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The Turtle Returns
I once had a box turtle, who kept escaping, and returning!
AUTHOR'S E-MAIL ADDRESS
|AUTHOR'S OTHER TITLES (3)
Looking Over The Berlin Wall: (Non-Fiction) Personal Memories of a Divided Berlin [993 words] [History]
The Scents Of Danger (Children) When terrified as a kid, I could sense a certain something in my nose. [1,071 words] [Thriller]
What The Chipmunk Taught (Children) Native American grandfather and grandson each teach the other interesting lessons. [747 words]
The Turtle Returns
Charlie was a box turtle, who by rights ought to have been named Harry. For Harry Houdini,
the great escape artist, instead of a favorite bald uncle. I found him by a small creek one
summer day as I explored some woods. I was about ten, and so was Charlie, according to his
shell markings. I invited him home with me and he accepted. Of course he might also have
considered it kidnapping, but I was wide-awake when I did it ï¿½ honest!
A large cardboard box served as a temporary pen. I learned Charlie wasnï¿½t housebroken. Mom
suggested heï¿½d be happier outside. Dad set up a corral with some aluminum edging for flowerbeds.
A six inch metal barrier now gave Charlie a paradise of shrubs for shade, a soft carpet of lawn,
rocks to sun himself, a pan of water for when he wanted a dip, fresh lettuce and raw hamburger.
Charlie made a mad dash for the wall.
As we three watch in amazement the corral came flat with the simple push of Charlieï¿½s claw. The
flexible fence had failed without some posts for support. As we fixed the problem we let Charlie
free-range. He was going at ï¿½high speedï¿½ toward the large Elm in the middle of our backyard.
Before then the turtle was returned to test the improvements. Perhaps the terrapin was tired from
the dayï¿½s adventures, but he made no further assault on his enclosure and was soon asleep. I
shortly followed his example.
In the morning, no Charlie. Immediately, but with little hope, I went to the back of our property
where a marshy stretch would be cover for all kinds of wild life. No luck, so I backtracked toward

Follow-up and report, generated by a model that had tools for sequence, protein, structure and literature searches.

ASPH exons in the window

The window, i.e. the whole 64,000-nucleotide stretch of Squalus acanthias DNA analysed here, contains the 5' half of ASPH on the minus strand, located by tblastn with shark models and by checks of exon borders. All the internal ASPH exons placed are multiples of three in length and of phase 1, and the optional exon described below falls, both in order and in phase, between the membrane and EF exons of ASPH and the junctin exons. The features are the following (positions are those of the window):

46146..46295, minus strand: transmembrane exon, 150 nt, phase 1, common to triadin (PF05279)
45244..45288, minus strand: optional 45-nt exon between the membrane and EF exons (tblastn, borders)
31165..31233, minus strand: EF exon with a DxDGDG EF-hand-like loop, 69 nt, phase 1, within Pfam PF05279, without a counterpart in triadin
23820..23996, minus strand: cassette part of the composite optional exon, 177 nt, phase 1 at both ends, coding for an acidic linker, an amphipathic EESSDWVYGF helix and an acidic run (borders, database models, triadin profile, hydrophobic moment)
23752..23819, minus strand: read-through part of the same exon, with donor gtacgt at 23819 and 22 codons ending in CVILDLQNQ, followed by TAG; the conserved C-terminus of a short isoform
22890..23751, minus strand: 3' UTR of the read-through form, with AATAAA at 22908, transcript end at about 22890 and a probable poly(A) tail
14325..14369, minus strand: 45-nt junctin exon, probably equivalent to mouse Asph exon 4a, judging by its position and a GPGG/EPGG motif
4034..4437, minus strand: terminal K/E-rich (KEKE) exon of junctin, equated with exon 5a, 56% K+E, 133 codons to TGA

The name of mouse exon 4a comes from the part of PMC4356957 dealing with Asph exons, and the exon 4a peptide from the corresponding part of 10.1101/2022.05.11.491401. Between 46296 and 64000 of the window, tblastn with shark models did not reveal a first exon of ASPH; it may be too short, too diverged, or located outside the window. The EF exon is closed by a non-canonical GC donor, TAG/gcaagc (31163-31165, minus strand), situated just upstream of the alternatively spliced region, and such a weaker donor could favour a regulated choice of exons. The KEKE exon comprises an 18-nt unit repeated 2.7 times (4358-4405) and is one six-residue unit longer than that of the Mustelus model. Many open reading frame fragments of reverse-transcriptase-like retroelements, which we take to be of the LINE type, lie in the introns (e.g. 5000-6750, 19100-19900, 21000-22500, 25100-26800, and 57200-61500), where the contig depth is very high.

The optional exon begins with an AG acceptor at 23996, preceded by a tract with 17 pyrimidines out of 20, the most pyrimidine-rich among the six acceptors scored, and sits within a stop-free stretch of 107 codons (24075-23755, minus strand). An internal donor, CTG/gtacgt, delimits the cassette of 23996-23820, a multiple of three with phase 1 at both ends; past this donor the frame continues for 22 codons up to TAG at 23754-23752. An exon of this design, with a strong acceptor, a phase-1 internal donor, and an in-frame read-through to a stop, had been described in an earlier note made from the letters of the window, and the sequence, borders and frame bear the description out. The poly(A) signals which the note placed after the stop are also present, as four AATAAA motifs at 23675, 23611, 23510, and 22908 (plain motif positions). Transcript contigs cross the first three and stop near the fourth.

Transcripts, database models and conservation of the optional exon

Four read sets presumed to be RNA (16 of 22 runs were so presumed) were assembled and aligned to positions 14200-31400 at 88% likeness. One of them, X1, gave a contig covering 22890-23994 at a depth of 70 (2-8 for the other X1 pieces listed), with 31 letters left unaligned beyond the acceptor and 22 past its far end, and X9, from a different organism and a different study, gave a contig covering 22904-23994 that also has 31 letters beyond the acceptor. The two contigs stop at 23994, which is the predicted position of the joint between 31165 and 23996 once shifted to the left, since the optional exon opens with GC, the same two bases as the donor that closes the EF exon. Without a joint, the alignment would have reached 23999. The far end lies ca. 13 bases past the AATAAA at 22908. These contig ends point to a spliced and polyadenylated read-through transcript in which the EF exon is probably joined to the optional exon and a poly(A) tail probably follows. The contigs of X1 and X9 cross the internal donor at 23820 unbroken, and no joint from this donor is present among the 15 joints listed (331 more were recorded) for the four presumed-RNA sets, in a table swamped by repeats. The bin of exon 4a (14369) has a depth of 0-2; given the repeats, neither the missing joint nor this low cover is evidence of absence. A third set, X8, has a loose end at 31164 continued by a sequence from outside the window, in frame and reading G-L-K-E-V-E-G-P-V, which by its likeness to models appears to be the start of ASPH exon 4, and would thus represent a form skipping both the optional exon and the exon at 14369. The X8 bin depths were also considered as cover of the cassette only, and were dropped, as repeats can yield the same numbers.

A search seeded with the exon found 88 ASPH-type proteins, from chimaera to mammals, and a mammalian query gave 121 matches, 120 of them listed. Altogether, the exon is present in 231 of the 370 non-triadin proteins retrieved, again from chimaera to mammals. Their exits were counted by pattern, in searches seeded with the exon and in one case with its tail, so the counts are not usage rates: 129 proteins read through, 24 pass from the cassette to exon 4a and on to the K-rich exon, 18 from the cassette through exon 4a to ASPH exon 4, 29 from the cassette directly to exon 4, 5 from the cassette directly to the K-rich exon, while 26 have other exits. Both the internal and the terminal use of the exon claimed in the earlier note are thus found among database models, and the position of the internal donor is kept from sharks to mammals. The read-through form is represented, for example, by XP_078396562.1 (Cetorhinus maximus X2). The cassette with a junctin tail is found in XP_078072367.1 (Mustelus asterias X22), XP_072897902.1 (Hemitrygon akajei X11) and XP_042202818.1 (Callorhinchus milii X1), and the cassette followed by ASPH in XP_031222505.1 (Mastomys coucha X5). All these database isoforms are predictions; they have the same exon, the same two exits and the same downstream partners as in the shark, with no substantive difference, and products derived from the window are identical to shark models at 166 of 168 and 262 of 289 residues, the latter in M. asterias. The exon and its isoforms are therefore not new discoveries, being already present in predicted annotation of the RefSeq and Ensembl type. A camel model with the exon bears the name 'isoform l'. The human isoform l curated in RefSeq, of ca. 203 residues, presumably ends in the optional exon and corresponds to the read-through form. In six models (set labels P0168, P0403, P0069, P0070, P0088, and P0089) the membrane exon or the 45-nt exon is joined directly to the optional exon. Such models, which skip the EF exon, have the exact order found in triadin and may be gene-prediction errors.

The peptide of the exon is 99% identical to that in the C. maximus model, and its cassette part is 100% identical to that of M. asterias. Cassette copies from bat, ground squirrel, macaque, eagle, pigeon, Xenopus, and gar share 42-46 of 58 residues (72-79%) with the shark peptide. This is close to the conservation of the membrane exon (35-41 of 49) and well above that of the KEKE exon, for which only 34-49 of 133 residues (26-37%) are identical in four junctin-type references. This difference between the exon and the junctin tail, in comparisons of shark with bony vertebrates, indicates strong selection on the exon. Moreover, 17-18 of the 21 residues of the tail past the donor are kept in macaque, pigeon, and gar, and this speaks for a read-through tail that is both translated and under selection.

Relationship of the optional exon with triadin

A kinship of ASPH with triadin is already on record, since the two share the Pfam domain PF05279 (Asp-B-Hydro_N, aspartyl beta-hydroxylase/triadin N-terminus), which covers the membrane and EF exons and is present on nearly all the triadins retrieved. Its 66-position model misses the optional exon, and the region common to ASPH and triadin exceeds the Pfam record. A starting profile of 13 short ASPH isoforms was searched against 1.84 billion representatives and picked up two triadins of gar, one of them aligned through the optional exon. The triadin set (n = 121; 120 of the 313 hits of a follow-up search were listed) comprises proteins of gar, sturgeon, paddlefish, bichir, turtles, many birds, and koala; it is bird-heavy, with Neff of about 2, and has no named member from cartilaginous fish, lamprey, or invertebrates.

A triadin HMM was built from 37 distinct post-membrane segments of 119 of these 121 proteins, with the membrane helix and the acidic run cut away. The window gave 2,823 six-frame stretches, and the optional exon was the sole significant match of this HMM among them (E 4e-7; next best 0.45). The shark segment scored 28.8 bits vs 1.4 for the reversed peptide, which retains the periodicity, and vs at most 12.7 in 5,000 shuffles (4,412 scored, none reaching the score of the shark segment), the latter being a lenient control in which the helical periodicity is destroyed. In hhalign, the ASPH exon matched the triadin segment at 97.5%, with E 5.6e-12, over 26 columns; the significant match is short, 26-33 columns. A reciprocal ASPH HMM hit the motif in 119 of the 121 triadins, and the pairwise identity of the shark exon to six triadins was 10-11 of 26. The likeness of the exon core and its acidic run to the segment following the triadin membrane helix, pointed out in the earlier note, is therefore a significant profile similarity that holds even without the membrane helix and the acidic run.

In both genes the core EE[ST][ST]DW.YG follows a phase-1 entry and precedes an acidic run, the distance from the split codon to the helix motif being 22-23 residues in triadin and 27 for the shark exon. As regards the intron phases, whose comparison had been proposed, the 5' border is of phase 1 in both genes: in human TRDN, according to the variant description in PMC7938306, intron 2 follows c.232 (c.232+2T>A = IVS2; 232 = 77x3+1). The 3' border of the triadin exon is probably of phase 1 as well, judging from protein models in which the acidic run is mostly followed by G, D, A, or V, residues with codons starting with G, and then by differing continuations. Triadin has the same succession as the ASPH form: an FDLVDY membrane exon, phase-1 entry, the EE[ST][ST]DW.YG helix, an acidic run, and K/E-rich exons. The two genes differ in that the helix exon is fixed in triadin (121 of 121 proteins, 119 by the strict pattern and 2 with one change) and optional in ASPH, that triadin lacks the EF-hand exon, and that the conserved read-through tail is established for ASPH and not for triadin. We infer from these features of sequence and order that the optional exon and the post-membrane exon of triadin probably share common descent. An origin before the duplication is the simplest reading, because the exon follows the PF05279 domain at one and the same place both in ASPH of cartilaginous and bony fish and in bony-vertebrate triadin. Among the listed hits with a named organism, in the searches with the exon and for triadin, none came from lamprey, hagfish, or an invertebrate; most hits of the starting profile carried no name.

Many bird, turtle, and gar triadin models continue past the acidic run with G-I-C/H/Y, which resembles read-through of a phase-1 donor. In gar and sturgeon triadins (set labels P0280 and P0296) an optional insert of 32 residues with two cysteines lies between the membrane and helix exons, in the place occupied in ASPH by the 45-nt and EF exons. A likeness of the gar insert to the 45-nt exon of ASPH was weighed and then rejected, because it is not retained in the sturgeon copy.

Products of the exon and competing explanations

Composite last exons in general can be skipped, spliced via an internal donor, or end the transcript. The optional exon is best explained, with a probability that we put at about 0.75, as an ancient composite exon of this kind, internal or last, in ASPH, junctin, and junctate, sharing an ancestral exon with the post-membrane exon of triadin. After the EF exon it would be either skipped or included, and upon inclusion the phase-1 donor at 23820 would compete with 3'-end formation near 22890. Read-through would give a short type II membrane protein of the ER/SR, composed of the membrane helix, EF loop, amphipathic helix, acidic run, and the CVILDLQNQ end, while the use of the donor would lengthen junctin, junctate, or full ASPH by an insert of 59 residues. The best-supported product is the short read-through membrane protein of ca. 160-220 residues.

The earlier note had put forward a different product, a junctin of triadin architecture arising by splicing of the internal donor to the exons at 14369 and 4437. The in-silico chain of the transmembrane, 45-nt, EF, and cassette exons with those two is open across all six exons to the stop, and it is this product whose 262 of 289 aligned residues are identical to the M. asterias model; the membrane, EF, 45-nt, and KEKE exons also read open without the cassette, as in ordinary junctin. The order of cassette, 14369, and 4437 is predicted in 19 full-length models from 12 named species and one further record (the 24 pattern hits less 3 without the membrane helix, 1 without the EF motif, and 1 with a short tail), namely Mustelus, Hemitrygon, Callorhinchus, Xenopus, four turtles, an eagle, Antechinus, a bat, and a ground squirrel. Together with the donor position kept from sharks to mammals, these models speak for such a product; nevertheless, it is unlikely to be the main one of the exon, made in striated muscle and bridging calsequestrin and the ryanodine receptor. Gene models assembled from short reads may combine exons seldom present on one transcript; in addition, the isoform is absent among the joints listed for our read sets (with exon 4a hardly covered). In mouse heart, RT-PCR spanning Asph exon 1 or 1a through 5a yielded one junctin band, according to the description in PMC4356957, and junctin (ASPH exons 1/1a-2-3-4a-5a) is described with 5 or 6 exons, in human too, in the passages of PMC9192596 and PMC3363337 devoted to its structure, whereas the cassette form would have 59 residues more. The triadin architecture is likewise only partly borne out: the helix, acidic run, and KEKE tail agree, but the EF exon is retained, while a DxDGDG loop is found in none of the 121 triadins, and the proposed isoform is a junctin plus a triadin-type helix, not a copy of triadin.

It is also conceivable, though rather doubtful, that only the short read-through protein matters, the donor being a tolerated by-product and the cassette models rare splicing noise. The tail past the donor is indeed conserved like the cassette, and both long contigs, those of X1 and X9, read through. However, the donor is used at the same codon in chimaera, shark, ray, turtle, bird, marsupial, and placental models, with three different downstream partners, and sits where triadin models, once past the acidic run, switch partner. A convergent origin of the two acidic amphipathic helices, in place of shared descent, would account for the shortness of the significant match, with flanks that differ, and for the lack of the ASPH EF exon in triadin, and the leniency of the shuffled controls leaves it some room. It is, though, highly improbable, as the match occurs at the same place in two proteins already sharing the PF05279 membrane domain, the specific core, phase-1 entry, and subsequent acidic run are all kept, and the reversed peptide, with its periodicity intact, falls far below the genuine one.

the house. There, in the nook of two large roots at the base of our Elm tree was the fugitive reptile.
I returned Charlie to his new home and brought him some fresh lettuce from the kitchen.
Only to discover upon return, Charlie demonstrating how he could escape the puny barrier we had erected.
He was raising himself upright against the barricade. Then he hooked those powerful paws on the edge and
pulled himself over the six inches vertical impediment, flipped over the other side and landed on his back.
He righted himself to his feet, after much fancy wriggling, a trick any good self-respecting turtle knows
how to do. Then after having providing me a with most amusing display of agility, Charlie went directly
back to his favorite spot at the big Elm tree.
That night when dad came home we went and bought more edging to double the height, used pop-rivets, longer stakes, maximum security quarters for Harry ï¿½ err ï¿½ I mean Charlie. The next morning, Mr. Box Shell was a no show, again. This time it was mom who went out to provide fresh water and sounded the sirens, or at least yelled up to me in my room the unexpected, but some how not unsurprising news. I called back my guess as to where our prodigal turtle would turn up. Minutes later, the all clear was sounded, as the escapee was returned.
Not long after, my Motherï¿½s shrieks brought my father and I downstairs in a great hurry. She was outside next to Charlieï¿½s pen, howling with laughter. She pointed and we began to roar too. There was Charlie, the Houdini of turtles, in the middle of escaping again. Not over - but under, his head already out and the lip of the silvery corral rising up over the shell, the grass depressed under him in the shallow dip that had provided the opening to freedom. We all went into eat breakfast, Charlieï¿½s destination was known; weï¿½d pick him up back
at the Elm later for being AWOL.
That weekend Dad and I built a new larger corral, around the tree. There was no reason to run (fast for a turtle anyway), no need to run away from home when Charlieï¿½s Elm was at the center of his peaceful abode. But while the pen was escape-proof finally, Charlie did get sprung, he had a friend on the outside see. Me. When the Elmï¿½s leaves began to turn, it was time to return Charlie to the spot I had found him, so he could winter in his more natural environs.
I took him back to just where he was discovered by the little stream. As I carried Charlie down to the bank and looked at the surroundings, I realized something that I had not noticed on my first visit. There was a huge Elm tree on the side of the brook, with root nooks for Charlie to feel at home in. Indeed, Charlie was really home, as I set him down at the treeï¿½s base; thus the turtle returned at last.
Why did Charlie want to escape?
Why did Charlie go to the big Elm tree?
What did the people do to make Charlie feel at home.
When is a jail ever home?
Can a home ever be a prison; no matter how nice?
Why is the storyï¿½s title not ï¿½The Turtle Escapadesï¿½?
What was Charlie's real goal all along?
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© 2010 Dave Springer
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